Google Translate Fails: Check Out These Hilarious English to Urdu Translations

Google Translate is the reason nobody hires translators anymore. It is a wonderful piece of technology capable of translating more than a hundred languages, but it isn’t without its flaws.

The flaws, although far from being a deal breaker, can be quite hilarious at times. Since Google Translate is all about conversing with people who don’t know their language, it can be even more amusing if only the person hearing it is getting the joke, while the speaker is totally unaware of it.

I have seen a number of Google Translation fails floating around on social media and it never failed to give me a few good laughs.

Here is some of the best English to Urdu (or vice versa) Google Translation fails:

1. “Let us hang out”


1-translateTry translating “let us hang out” to Urdu and see how a seemingly harmless phrase in English transforms into quite a disturbing request.

2. Mota pait


Remember the somewhat inappropriate Urdu nursery rhyme we all used to sing in our childhood? Well, Google had a spin at that and the results are downright funny!

3. The Early Bird Gets The Worm


Google may have figured out how to translate sentences, but it struggles at proverbs.

4. Khayali Plao


I didn’t know Plao is known as “Pie” in English. Thanks Google!

5. Na Rahay Ga Baans, Na Bajay Gi Baansri


Umm, what? Google?

6. A watched pot never boils


7. The movie sucked


No comments.

8. Fan is Switched on


9. What does it even mean?


10. Killing the Rhymes


The company recently introduced Neural Networks to Google Translate to make it a whole lot better in understanding whole sentences, rather than just individual words.

However, that feature isn’t supported for Urdu language yet. Once they do add support for it, it will be considerably harder to use Google’s translator to feed our need for humor.

Also note that you can also translate Roman Urdu to English using Google Translate using this handy trick.

Feel free to suggest more Urdu-English mis-translations in the comments below.

  • I don’t think idioms can be translated from one language to another. May be it’s because of my tooth pain since last one week but I didn’t find it funny.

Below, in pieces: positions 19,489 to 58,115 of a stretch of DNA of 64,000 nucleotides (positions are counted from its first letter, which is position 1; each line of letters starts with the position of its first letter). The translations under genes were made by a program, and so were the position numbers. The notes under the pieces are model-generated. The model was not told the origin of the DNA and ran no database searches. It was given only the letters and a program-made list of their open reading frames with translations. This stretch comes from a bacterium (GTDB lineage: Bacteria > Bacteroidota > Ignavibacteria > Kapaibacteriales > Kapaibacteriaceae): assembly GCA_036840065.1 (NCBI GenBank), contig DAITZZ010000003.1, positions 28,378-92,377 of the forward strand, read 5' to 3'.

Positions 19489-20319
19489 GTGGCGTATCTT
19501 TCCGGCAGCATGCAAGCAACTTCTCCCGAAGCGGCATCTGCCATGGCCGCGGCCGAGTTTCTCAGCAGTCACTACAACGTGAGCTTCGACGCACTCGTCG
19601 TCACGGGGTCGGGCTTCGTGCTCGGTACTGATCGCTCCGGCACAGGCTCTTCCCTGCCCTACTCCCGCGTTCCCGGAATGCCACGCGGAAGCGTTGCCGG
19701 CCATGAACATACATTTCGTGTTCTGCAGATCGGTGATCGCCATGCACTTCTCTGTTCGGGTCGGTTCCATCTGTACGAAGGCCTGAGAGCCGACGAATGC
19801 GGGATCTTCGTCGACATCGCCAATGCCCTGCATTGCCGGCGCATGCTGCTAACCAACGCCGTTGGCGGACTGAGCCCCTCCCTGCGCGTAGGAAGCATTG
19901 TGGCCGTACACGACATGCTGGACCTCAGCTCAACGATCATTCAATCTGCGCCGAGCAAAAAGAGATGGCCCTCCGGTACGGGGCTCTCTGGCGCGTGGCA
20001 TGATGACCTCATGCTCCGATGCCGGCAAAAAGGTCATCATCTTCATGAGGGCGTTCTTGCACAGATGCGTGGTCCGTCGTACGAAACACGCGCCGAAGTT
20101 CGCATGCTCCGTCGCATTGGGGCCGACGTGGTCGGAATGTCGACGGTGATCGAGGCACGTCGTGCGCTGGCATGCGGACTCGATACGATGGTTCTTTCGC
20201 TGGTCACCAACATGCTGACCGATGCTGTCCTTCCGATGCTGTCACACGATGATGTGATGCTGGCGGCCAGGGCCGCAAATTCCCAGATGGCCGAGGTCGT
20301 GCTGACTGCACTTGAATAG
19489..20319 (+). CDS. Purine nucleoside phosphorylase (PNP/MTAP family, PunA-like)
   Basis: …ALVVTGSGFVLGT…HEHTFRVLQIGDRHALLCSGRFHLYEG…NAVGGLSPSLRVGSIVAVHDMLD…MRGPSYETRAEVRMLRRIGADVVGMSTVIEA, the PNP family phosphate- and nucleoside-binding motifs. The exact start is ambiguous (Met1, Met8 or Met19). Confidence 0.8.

• Me too! And it’s because of us we don’t want to contribute towards translation improvement of our language.

  • Google translate works on native speakers input. U can help building better urdu translations by contributing on

  • 1st one is awesome “Let us hang out” = “ہمیں باہر پھانسی پر لٹکا دو” :D

  • These translators are not trustworthy. Bing translations are even worst. So always hire a real professional translator for the translation of important documents and books.

  • to tum sub kaye k liye behte ho sub kro na suggest edit. jaise abhi tak bing maps nhi ban paye Pakistanion se

  • If you try to use an automatic translation tool to translate idioms, the results will always be like that. Even a human translator cannot translate most of the idioms word to word. That’s because idioms are expressions of each culture sometimes specific to countries, cities or even a small community or area. When something is culturally bound, it is hard to translate it to another language without finding other cultural references.

    When I come across an English idiom while translating something which I have not heard before, I always try to understand its meaning by looking it up on the internet instead of translating it word to word. And more often than not I find plethora of good explanations on the internet. If I don’t find any explanation on internet, I always ask native speakers for its meaning on different forums. Once I understand its meaning, another idiom with different words but similar context always comes up to my mind and I use that in my translation instead.

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